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Comus

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  • Stolzi
    I just finished reading (about time at my age!) this masque of Milton s, upon which Charles Williams lectured at Oxford, to Lewis delight. I knew that CS
    Message 1 of 1 , Dec 22, 2004
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      I just finished reading (about time at my age!) this masque of Milton's,
      upon which Charles Williams lectured at Oxford, to Lewis' delight. I knew
      that CS Lewis loved Milton, but was unaware how frequently he quoted him.

      These four quotes I recognized instantly when I read them, though I can't
      always quite place them in Lewis' works:

      "wield their little tridents" - somewhere I think where Lewis is talking
      about sub-creation, or perhaps about God affording us causativity through
      prayer. Unless it was Tolkien who used it thus, but I do not think so.

      "pert Fairies and the dapper Elves" - Lewis modifies this to the singular to
      describe Ivy Maggs' appearance as everyone is dressing for the feast at St.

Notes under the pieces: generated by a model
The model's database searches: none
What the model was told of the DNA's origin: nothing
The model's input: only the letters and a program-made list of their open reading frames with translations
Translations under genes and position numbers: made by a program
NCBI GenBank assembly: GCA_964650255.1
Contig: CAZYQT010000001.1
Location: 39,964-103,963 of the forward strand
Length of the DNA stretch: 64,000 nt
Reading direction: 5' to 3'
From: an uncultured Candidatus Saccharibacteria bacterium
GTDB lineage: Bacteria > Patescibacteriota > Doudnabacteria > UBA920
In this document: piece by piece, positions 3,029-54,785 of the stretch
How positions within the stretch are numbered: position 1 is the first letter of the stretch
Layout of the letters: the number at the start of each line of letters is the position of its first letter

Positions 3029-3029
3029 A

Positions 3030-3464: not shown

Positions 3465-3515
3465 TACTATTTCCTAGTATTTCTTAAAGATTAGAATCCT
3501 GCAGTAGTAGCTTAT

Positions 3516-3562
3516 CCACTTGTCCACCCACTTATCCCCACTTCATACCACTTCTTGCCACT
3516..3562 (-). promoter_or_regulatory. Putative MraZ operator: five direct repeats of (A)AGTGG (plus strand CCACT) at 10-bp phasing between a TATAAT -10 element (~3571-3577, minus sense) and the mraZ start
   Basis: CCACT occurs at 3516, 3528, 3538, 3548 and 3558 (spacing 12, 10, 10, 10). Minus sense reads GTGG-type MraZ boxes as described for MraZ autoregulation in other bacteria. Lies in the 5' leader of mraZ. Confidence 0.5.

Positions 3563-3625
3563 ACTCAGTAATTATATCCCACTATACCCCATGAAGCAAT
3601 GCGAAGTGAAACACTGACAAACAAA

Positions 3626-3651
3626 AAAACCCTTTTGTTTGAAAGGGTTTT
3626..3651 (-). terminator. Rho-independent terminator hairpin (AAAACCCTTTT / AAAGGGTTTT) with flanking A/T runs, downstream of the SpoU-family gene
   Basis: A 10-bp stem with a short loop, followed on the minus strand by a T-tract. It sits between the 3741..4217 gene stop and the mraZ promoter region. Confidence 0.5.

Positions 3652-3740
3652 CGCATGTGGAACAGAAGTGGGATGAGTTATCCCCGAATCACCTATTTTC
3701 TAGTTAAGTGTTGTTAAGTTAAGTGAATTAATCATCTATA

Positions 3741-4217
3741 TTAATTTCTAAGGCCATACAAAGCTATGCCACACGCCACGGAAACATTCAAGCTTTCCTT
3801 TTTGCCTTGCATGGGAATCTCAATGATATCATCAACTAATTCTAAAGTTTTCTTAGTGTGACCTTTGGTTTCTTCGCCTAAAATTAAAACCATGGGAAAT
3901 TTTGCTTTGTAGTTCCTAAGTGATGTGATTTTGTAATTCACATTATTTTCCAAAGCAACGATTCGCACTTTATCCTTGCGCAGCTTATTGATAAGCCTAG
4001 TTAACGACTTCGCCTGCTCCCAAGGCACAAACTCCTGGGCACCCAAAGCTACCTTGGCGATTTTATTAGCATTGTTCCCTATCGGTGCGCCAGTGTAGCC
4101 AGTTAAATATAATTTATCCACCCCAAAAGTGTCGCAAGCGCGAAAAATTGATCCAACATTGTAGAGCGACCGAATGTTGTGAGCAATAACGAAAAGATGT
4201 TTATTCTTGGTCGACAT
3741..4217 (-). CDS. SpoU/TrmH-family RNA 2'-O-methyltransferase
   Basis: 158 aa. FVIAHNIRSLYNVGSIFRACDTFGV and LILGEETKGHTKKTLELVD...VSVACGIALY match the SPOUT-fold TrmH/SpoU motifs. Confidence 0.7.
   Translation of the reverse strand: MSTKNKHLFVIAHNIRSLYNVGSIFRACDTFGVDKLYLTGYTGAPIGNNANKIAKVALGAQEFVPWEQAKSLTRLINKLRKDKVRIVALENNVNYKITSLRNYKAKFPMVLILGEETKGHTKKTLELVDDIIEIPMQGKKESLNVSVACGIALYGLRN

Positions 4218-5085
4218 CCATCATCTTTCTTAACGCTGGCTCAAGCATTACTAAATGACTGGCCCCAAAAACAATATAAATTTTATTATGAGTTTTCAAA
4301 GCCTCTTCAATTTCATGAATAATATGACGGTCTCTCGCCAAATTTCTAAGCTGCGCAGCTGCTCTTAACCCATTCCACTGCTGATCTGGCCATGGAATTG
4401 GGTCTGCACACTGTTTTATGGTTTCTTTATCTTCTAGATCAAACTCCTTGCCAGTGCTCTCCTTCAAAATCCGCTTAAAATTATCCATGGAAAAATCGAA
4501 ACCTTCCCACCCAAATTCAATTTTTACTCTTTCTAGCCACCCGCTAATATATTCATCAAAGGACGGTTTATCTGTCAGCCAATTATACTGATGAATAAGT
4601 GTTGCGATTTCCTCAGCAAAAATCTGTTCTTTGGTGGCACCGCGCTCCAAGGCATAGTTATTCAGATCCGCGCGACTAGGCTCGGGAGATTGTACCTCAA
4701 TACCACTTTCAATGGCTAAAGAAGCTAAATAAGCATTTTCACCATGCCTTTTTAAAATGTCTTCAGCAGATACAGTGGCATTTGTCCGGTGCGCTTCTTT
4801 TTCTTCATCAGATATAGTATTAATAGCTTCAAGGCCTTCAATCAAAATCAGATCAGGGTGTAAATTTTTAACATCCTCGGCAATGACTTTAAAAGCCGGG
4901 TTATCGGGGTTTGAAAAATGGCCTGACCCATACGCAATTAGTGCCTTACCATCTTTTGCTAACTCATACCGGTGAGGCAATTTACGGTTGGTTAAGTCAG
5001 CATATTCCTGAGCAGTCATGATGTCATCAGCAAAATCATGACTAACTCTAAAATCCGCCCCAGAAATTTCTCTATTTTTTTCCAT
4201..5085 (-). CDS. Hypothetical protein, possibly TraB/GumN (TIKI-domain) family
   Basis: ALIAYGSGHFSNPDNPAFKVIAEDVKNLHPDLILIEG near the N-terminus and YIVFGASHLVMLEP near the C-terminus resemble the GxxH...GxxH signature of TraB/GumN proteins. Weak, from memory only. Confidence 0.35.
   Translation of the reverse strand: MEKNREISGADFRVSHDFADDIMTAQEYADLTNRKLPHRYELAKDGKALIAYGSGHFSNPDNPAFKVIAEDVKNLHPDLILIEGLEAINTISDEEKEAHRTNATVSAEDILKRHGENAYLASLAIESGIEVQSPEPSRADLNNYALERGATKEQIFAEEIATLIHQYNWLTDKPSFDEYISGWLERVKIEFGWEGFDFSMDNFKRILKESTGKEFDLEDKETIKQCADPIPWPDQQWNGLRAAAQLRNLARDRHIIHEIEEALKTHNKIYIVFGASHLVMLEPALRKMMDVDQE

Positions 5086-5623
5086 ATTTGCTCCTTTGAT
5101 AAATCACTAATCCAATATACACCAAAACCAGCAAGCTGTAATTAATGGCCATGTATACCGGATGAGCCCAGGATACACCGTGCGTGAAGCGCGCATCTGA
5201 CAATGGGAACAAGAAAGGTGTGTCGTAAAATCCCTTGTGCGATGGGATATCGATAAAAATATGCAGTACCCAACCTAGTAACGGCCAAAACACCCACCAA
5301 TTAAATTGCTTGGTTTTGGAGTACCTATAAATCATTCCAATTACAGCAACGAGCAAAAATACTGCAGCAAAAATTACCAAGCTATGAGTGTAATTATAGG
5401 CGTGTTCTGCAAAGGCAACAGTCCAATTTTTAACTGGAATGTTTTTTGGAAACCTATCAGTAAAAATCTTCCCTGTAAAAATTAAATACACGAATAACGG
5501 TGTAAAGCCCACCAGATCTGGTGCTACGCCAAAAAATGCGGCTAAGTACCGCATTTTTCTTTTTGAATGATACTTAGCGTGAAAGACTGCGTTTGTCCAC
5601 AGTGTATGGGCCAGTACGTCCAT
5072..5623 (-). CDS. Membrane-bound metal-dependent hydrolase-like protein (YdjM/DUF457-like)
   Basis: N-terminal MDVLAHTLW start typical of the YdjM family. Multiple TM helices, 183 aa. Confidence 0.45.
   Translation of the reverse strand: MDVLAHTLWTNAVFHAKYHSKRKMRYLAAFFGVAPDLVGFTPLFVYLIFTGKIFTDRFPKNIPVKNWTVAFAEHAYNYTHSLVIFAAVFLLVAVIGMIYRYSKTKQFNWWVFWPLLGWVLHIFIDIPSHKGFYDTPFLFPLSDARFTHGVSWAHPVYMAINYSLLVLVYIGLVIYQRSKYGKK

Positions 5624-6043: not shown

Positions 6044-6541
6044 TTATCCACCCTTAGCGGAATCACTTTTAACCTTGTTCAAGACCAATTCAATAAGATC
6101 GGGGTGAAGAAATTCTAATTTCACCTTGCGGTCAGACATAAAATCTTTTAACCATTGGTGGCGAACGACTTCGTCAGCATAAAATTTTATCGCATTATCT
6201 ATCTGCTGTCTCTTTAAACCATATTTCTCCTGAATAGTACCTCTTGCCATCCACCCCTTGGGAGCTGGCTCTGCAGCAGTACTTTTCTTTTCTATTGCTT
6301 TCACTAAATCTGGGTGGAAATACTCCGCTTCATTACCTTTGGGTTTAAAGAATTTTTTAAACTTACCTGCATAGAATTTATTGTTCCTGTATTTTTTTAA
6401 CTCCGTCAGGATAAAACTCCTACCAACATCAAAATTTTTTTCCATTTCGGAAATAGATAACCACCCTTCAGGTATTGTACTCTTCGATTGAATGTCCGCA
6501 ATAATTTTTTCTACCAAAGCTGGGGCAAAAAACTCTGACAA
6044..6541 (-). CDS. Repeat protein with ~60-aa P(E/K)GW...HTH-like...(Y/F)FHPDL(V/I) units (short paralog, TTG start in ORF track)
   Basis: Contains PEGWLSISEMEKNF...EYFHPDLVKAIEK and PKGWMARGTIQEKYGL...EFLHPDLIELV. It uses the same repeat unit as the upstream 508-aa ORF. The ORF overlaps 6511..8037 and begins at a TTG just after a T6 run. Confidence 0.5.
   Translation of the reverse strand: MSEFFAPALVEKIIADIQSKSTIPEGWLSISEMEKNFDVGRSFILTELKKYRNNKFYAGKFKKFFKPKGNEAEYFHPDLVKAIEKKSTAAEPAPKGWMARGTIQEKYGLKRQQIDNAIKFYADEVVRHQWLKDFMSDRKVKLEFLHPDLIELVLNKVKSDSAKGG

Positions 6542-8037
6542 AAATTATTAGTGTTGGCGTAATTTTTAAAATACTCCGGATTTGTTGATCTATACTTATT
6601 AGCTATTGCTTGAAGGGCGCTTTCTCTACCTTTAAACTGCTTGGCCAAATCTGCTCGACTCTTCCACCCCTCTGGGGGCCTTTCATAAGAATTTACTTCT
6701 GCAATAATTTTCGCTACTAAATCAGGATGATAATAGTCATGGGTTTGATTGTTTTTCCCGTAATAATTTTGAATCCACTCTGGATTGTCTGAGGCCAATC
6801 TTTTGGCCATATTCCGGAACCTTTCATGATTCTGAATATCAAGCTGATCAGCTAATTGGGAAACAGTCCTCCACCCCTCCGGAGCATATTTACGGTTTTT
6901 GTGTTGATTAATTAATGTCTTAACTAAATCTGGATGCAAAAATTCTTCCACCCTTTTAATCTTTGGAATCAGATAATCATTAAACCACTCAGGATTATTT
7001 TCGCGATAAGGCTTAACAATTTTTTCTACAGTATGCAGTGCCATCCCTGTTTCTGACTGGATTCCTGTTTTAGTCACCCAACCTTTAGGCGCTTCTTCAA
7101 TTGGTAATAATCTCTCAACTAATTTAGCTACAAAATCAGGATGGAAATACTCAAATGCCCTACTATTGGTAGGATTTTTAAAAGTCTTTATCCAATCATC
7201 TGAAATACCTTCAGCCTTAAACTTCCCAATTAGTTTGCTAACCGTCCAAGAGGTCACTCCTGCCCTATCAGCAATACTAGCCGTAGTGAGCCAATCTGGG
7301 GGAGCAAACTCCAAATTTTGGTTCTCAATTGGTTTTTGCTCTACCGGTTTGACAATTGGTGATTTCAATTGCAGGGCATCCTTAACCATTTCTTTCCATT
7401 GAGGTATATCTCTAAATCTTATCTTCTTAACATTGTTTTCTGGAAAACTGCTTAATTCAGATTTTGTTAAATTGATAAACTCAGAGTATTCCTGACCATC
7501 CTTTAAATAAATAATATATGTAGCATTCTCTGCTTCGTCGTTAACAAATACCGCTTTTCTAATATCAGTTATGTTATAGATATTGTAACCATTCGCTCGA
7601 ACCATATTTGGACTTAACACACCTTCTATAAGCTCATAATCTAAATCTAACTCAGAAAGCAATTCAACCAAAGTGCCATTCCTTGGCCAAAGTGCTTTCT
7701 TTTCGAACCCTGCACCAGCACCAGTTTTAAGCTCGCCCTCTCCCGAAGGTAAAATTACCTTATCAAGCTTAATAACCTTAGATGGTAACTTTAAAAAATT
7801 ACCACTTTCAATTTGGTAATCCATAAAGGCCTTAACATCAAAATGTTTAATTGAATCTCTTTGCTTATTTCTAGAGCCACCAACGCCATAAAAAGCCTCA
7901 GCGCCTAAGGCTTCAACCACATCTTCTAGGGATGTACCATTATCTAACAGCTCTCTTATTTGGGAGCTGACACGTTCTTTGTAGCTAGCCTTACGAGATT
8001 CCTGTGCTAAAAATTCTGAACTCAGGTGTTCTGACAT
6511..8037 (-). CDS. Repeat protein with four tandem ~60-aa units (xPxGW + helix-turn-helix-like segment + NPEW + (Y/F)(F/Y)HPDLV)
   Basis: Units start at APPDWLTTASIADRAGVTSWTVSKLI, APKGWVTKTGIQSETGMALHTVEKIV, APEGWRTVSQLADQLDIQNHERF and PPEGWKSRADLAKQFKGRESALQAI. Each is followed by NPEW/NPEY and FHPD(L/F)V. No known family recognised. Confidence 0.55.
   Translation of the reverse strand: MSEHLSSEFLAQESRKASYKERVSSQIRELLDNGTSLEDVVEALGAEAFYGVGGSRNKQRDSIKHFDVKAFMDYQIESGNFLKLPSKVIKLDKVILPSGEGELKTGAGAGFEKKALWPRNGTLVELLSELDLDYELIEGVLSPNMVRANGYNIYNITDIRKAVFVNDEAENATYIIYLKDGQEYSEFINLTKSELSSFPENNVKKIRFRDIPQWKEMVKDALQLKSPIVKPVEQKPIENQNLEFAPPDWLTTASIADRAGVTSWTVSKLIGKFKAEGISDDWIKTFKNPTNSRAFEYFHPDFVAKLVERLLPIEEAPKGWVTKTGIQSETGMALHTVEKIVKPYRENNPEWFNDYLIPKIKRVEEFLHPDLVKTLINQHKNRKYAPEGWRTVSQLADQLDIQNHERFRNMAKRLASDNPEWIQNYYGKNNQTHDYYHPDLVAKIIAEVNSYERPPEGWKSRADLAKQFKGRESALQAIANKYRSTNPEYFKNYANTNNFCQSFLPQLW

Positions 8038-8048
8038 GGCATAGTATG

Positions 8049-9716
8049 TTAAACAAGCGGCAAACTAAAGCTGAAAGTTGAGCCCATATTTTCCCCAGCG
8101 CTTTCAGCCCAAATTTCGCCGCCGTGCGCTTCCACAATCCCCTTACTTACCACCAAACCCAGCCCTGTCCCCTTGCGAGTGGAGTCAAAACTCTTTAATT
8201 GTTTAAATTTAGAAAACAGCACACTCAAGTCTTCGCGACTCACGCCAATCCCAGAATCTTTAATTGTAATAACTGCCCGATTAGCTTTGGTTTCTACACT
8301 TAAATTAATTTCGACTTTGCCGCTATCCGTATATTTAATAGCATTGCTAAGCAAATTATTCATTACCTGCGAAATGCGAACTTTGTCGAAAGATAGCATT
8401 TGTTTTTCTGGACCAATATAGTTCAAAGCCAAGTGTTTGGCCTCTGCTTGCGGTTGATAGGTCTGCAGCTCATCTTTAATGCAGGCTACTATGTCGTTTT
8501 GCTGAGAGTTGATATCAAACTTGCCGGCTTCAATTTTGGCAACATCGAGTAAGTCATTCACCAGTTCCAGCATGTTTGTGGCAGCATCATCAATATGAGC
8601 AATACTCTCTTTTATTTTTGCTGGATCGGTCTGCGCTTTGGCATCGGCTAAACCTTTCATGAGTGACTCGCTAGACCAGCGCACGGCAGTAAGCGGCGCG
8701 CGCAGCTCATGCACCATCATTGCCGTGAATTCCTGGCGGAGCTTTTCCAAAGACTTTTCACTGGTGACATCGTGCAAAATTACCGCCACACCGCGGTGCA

Anne's.

      "backward mutters of dissevering power" - where, oh where, does he use this?

      "those happy climes that lie/ Where day never shuts his eye, /Up in the
      broad fields of the sky." - In the description of the Fields of Arbol,
      Chapter 5 of OUT OF THE SILENT PLANET.

      There are some perfectly gorgeous lines in COMUS; I've loved this bit for
      years

      "Sabrina fair,
      Listen where thou art sitting
      Under the glassy, cool, translucent wave..."

      It goes on, but these opening lines of the "Song" to the river-goddess
      Sabrina are the best.

      Caroline Stevermer's new novel, A SCHOLAR OF MAGICS, which I highly
      recommend, has quite a lot to do with COMUS.

      Diamond Proudbrook
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